No! I was a bit too late for that, unfortunately. I remember I had this kid at school called Joe, and it was bizarre as we were ten and we both loved hardcore. We got tickets to see Orbital, and I think my dad was going to take us but it was Cup Final day and he couldn’t be arsed taking us – so we never got to go!

Seems precocious, when did you start producing?
Basically, I used to do little mixes on a tape deck. I would take my favourite bits of tunes and put them on a tape, do little covers from them and pretend like they were my tracks. In reality, they were my favourite bits of other people’s tracks. I had these little toy keyboards and I would try to jam along, so I guess I started producing straight away in that sense – even though it was terrible, unlistenable stuff.

Why did you found your own label Magic Wire?
Basically me and my friend Tom formed Magic Wire. I was waiting for labels to get back to me, and I already had this track ‘Pineapple Crush’. I thought, instead of waiting for labels to get back to us why not put it out ourselves? The intention was to put one record out, really, and that did alright so then we put our ‘Emerald Fantasy Tracks’. We’ve just signed my friend who writes under the name Neon Jung. It’s not too established as yet, we’re just scouring the internet trying to find people we want to put out. Because I’m doing stuff for R&S now I won’t be able to do as much for Magic Wire, so it’s a good opportunity to do stuff for other people.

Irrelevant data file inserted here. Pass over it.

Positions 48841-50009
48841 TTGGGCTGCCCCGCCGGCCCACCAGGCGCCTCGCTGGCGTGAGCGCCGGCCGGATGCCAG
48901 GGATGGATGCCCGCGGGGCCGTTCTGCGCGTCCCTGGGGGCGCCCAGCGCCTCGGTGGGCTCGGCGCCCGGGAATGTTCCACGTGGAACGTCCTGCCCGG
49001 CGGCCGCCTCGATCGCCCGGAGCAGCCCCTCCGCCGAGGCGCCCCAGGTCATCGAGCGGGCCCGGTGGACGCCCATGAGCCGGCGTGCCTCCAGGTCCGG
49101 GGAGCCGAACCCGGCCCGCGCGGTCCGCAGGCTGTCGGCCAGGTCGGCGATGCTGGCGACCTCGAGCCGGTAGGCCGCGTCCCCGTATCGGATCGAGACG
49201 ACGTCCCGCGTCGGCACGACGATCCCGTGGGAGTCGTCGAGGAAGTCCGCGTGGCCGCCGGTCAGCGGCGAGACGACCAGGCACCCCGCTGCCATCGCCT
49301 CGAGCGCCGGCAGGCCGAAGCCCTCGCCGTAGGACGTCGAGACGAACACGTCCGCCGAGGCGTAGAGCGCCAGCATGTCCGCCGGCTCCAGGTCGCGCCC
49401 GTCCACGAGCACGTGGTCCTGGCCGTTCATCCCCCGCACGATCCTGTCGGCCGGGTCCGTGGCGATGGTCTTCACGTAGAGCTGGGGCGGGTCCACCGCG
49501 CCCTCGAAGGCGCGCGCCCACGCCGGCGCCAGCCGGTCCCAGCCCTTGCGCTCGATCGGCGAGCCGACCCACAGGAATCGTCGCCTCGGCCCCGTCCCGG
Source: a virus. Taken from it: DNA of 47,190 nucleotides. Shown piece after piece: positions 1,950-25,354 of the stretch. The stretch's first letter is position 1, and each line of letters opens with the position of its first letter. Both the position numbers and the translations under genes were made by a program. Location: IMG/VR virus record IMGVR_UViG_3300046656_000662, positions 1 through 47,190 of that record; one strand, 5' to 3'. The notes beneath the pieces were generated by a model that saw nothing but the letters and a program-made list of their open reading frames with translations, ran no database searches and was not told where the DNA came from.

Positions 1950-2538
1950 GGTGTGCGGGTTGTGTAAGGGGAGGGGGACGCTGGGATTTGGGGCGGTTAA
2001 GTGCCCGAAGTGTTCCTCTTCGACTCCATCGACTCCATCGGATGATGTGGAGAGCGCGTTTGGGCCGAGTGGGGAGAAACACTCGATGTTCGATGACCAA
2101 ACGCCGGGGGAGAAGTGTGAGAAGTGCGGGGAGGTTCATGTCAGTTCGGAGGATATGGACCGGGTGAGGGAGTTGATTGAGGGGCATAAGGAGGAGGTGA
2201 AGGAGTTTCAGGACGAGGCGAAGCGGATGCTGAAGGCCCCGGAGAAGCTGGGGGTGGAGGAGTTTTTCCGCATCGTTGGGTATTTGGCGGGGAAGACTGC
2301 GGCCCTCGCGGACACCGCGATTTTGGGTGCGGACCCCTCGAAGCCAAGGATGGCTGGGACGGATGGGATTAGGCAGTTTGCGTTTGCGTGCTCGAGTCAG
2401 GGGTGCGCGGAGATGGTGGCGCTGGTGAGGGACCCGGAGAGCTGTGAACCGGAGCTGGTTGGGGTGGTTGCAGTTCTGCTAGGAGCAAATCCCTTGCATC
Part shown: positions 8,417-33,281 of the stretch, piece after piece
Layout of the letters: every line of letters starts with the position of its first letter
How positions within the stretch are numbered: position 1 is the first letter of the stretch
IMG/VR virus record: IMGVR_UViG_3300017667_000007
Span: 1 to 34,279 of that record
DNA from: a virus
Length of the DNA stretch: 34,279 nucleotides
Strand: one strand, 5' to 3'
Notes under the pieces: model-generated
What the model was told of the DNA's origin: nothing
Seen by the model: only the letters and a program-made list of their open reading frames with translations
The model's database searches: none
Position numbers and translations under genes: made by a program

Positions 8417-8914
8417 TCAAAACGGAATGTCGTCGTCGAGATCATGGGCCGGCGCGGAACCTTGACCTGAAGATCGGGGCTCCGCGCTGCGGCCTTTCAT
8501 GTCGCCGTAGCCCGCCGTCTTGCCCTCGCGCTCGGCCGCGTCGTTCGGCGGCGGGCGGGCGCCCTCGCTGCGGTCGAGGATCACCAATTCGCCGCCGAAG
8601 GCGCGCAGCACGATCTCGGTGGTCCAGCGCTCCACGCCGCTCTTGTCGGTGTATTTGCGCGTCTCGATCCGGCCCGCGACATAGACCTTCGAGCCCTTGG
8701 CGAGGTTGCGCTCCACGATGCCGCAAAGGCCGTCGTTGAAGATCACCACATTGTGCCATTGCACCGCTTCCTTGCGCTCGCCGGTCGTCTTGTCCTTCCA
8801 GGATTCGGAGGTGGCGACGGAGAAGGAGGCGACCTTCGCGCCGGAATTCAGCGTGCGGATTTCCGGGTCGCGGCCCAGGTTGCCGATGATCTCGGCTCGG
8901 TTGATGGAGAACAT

Have you been able to find your niche?
That’s the thing. We don’t know what our niche is yet, really. There’s only me and Tom. We want to find other likeminded people, not necessarily sounding like us but if there’s a feel to it that reminds us of our own stuff. It’s such an early stage though, we’re not even sure if we know what that is yet. We just need to see if there’s anyone out there who fits the bill.

Are you now pushing away from that R&S sound
It’s pretty natural. Like I said before, I get a bit bored. I got fed up of doing straight up hardcore style stuff, so the music I’m doing now is just evolving with that basically. It’s not a million miles away but some of it is faster, while some of it is more chilled out. I’m working on an album so that’s interesting as it’s a different thing in itself. When I sit down to make an album that’s always something you can listen to as home, whereas what I’ve been doing recently is giving it to DJs to play out. I’m just evolving naturally with it I suppose, and not caring too much about where I want to go.

Can you anticipate a point where you reach a final Lone style?
I haven’t got a clue really! I think you can tell it’s me no matter the style, people have told me there’s a stamp there no matter what I do. Whatever I try hopefully sounds like me, it’ll have my stamp on it. I don’t know where it comes from, it’s just a natural thing. One day maybe it’ll just end up that I’ve found something I’ll never get bored with. But I don’t know really.